That’s not to say that higher quality parks have no problems, Gorin said, because behavioral problems occur throughout society. Whatever type of park it is, he suggests, parks should have policies and procedures in place to deal with these kinds of situations so as not to negatively affect other guests’ experiences.

Make Sure You Have

Alcohol Policies in Place

Many, in fact, do have alcohol policies in place, which are often posted on park websites along with their rules and regulations. But park owners also say it’s not enough to simply have policies in place. Robert Adams, owner of Gettysburg Campground in Gettysburg, Pa., also said one cannot assume that lower-priced parks are more likely to have alcohol-related problems, either. “There are many fine campgrounds that do not charge a lot and are great family places to be,” he said.

“If you have policies, you have to enforce them actively and quickly,” Adams said.

Parks that consistently enforce their alcohol-related policies will get a reputation for doing so, which can only help them in the long-run, explained Kelly Jones, director of franchise development for Milford, Ohio-based Leisure Systems Inc. (LSI), which franchises Jellystone Park Camp-Resorts.

Park operators and consultants have tactics they recommend, in fact, to keep alcohol-related problems to a minimum:

  • Being mindful of how you market your park: “We certainly do our best to represent our park as a family-friendly environment,” said KOA park owner Bell. “If you read our website and look at the photographs, you’ll see we use a lot of photographs of kids doing activities, such as tie-dye T-shirts and watermelon-eating contests. We try to make our public appearance very family-oriented and that helps to sort out a little bit of the (drinking) clientele.”
  • Carefully screening your guests: Ask prospective guests if they’re looking for a quiet place to camp or a place to party, suggests Missy Hearnden, park manager of Redbeard’s Ranch in Lebanon, Mo. “We tell them we are a quiet, family-oriented campground and that if the next campsite can hear them, they are too loud,” said park manager Missy Hearndon. “Sometimes, they’ll say, ‘Oh, I don’t know. I’ll call you back.’ And we never hear from them again.” Hearndon said the strategy initially cost the park some business, but over time they’ve gained a clientele that appreciates management’s efforts to maintain the park as a quiet, family oriented place to camp.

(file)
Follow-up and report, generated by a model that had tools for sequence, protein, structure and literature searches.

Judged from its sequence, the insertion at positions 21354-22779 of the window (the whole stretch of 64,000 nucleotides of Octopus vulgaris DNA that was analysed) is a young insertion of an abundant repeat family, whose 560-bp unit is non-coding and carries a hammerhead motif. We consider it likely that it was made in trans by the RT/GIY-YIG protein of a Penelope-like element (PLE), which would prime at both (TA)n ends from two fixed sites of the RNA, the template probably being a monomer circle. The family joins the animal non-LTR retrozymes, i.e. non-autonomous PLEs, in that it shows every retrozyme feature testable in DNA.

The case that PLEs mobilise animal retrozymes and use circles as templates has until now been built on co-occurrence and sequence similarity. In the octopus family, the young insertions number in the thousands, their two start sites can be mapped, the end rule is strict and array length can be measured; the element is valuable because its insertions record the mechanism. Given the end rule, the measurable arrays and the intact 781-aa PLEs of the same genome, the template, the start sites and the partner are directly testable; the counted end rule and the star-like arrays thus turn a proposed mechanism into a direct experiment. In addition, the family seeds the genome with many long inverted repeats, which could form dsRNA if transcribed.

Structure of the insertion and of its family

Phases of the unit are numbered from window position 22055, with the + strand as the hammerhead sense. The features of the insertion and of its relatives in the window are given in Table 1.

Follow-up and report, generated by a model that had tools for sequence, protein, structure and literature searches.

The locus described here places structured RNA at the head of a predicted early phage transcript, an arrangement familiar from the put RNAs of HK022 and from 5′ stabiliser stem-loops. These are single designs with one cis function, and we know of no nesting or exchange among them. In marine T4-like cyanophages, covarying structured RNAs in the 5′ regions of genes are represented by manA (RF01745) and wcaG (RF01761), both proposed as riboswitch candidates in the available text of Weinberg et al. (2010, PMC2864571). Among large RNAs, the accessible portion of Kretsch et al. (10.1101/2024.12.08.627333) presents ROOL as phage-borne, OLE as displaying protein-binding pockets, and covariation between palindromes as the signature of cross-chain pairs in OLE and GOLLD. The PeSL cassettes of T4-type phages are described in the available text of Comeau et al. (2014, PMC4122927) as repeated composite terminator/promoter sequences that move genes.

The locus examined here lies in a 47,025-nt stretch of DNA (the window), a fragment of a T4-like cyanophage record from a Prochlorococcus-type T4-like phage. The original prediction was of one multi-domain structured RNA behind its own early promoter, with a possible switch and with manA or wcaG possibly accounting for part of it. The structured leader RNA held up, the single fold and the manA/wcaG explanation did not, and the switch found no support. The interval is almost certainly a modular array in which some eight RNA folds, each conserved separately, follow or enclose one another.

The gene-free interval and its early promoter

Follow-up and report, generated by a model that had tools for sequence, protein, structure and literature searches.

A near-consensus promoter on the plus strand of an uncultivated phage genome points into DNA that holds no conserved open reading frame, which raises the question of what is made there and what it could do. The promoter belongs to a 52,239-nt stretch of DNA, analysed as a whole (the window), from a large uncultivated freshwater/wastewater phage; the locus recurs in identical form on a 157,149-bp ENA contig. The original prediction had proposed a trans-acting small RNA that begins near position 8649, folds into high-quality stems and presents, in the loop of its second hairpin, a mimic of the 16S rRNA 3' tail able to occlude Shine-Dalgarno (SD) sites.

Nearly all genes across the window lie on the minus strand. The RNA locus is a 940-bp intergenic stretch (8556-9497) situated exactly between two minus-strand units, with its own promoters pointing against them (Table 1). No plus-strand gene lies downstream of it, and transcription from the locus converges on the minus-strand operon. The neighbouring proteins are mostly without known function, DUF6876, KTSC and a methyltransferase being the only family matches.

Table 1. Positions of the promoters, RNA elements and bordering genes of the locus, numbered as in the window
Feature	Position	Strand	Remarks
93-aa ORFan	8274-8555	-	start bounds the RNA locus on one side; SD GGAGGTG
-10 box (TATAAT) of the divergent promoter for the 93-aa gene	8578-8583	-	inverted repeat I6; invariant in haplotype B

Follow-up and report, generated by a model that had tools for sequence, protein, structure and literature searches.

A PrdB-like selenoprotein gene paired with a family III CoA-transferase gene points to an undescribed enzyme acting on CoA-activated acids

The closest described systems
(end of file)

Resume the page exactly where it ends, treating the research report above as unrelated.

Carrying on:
• Limiting the availability of alcohol: Linde used to sell alcohol at his store until 11 p.m., but found that many would rush the store just before closing to stock up on alcoholic beverages for the evening. By moving the time up to 10 p.m., he found he was able to make a significant dent in the amount of late night drinking at his park. Other park operators find they can control behavior by limiting times when alcohol is available. “At certain park-sponsored winter events or adult-only summer events, we provide water, soft drinks, wine or beer, but the park always controls the amounts provided and limits the time of availability,” said Gorin, who concedes there have been some instances in which guests have had “one too many,” However, he added, “their friends or spouses generally take care of it.”